This oval miniature with a gilt-metal mount depicts Tsar Alexander I (1777–1825). The Tsar stands in profile while turning his head towards the viewer: a distinctive angle that focuses attention on his relaxed facial expression, rather than the details of his military attire. As was common for miniatures of this period, the sitter’s features have been subtly exaggerated in order to convey their character: Alexander’s large eyes and prominent chin reflect his reputation as a military leader and compassionate statesman. He wears a black coat with a gold-figured red collar and golden epaulettes, and the blue moiré sash and breast-star of the Imperial Russian Order of St Andrew.
Tsar Alexander I was born in St Petersburg in 1777, and was the eldest son of Grand Duke Paul Petroich. His grandmother, Catherine the Great, took great interest in Alexander’s education, ensuring that he received a firm military training while encouraging in him a liberal, cosmopolitan outlook. He became Tsar in 1801, aged 23, following the death of his father. Though Alexander once described himself as ‘crushed beneath the terrible burden of a crown’, he nevertheless proved an effective reformer and moderniser who decentralised governmental power and relaxed censorship. His most significant achievement, however, was military. In 1812 he repelled Napoleon from Russia; two years later, he rode his army into Paris.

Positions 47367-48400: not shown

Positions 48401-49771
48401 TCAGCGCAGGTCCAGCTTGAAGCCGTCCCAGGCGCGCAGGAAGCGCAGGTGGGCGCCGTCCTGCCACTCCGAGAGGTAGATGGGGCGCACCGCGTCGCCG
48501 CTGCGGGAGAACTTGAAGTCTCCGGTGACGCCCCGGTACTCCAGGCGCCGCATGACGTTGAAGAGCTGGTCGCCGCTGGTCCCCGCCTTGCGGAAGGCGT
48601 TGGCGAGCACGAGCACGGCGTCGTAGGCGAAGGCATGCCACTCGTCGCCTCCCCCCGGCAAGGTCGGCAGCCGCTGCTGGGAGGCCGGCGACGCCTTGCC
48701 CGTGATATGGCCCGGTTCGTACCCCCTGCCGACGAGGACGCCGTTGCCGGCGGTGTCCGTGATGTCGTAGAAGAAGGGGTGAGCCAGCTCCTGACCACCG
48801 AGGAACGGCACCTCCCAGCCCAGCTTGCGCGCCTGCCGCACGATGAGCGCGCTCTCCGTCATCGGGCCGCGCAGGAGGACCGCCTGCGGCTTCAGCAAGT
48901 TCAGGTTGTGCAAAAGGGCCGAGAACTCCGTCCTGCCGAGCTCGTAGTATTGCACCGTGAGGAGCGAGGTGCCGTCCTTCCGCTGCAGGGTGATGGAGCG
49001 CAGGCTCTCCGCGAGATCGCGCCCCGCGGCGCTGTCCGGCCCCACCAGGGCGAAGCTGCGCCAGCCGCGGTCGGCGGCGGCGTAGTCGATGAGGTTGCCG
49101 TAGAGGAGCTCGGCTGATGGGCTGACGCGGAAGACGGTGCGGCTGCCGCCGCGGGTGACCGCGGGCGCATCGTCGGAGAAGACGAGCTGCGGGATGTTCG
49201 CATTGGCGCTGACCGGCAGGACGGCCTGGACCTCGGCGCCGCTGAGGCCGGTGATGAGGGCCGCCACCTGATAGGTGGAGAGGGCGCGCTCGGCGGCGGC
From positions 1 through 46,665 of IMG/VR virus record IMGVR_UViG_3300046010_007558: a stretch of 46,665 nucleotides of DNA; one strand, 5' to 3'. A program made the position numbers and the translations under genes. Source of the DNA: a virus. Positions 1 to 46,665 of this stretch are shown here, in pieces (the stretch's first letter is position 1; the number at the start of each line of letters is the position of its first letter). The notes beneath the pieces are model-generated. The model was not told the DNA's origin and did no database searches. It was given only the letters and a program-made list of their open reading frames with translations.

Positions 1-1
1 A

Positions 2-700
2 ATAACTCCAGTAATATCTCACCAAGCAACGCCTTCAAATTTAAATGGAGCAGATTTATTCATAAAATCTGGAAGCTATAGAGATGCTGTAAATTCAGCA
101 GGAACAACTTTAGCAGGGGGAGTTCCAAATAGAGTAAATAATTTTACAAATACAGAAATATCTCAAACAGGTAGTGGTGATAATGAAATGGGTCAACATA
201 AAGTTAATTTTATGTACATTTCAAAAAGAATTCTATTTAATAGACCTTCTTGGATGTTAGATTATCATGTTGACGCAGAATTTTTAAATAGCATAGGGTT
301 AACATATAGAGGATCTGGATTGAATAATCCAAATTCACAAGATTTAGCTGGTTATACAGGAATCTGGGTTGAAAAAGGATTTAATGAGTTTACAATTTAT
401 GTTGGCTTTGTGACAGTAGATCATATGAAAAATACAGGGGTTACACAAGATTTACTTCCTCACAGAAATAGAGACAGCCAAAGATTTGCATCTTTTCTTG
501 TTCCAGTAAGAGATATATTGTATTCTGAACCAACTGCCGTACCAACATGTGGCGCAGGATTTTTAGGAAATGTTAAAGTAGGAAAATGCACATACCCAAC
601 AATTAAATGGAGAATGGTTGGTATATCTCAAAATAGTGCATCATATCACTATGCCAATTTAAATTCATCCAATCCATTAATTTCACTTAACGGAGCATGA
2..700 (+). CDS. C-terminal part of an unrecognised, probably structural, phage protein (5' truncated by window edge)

The Venice-born artist Domenico Bossi (1765–1853) achieved success as a miniaturist in several countries. After studying under the painter Giovanni Domenico Tiepolo, he travelled extensively throughout Europe, most notably Germany, Austria, Sweden and Russia. His works are held in major public collections internationally, including the National Museum, Warsaw, and the Rijksmuseum, Amsterdam.